I am about service delivery and planning as much as I am about looks, and Denver’s light rail trains with their high floors and overall train-like appearance caught my attention.  The SD160s have this “cowcatcher” apparatus which catches debris and pushes it off the rails in front of it…with an orange piece that helps the cowcatcher keep its form.  It unseemingly adds to the overall look of the trains, making them more appealing and reminiscent of Denver’s trolley and intercity rail history.  Even though most of the safety warning devices such as bells and horns are electronic, I still find RTD light rail a pleasure to ride and as safe as any other rail system in the U.S.  When those trains pass by active railroad crossing gates with their warning devices, it feels like I’m watching a train go by as opposed to a tourist trolley or something.  It feels like a train coming and not some copycat.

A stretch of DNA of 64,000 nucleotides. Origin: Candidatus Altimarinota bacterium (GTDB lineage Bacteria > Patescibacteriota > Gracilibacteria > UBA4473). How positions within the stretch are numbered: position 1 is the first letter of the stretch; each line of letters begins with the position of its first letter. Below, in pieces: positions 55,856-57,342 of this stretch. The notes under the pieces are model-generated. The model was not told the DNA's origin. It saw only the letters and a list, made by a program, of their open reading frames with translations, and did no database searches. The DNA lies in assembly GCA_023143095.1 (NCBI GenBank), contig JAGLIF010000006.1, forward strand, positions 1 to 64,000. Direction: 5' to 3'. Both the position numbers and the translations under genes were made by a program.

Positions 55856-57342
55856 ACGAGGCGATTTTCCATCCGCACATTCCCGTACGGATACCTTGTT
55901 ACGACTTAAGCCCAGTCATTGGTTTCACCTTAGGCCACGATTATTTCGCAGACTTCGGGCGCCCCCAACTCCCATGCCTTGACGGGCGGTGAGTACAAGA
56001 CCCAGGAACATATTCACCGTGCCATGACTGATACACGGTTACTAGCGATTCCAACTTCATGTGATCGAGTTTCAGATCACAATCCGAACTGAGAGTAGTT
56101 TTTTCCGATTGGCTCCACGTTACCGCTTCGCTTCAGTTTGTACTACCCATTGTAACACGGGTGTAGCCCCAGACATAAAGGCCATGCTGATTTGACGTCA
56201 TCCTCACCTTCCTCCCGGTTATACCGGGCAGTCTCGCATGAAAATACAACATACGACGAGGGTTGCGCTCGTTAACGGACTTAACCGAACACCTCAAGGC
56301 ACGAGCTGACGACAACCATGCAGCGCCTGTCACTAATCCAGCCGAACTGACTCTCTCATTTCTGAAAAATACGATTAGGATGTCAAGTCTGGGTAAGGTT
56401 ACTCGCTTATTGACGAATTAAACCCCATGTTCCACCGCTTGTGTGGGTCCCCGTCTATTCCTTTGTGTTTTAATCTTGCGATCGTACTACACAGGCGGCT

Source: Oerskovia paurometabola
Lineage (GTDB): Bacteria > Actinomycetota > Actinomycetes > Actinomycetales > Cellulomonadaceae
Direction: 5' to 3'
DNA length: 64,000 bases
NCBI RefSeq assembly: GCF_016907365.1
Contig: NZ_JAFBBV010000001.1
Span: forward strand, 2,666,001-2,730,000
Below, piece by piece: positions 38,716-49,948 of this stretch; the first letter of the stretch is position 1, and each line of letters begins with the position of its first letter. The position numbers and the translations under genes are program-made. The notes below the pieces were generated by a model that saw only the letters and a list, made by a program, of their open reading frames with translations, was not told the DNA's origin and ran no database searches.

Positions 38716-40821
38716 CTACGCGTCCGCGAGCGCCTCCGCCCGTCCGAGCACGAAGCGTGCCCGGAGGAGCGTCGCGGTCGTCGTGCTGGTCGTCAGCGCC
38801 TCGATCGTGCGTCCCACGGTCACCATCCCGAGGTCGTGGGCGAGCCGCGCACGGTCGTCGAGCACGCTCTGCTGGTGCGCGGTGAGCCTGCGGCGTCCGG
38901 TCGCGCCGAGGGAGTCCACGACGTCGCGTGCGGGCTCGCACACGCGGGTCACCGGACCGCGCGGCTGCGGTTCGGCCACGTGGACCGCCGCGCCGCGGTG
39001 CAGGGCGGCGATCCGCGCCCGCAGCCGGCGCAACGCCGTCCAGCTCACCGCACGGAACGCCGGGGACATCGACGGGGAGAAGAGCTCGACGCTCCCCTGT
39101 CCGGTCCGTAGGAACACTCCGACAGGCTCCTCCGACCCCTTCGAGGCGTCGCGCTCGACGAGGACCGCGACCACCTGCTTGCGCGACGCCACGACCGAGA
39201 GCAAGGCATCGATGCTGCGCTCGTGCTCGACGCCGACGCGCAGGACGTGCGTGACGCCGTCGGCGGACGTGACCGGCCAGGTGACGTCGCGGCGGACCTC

The only thing I didn’t really like was the higher fares for outer zones.  The first two zones being $2.25, third zone $4 and fourth zone $5.  It’s not the zone fare concept that I didn’t like; it’s merely the jump in fares from Zone A and B to Zone C and then to Zone D.  Not that it mattered too much to me during my visit, since i had a weekly unlimited pass.  The pricing, however, does make sense when you consider the travel distance from the farthest points of the light rail in Zone D, which is past the Denver County border line and far out from the rest of the Denver RTD services aside from Regional bus routes.

There are plans to extend the light rail system past Nine Mile on the H and 30th/Downing on the D, the Nine Mile Extension taking the system up to Aurora for the first time in RTD history and possibly bringing back the G line designation, which was a line that ran from Lincoln to Nine-Mile.  The G was the only rail line in the RTD system to bypass Downtown Denver, catering to a suburb-to-suburb ridership base to no avail.  RTD is hoping that the G would serve a growing ridership base if it ran from Aurora to Lincoln with connections to Denver’s upcoming commuter rail system.  The D line extension to 38th/Blake shall connect with the commuter rail once it opens in 2016.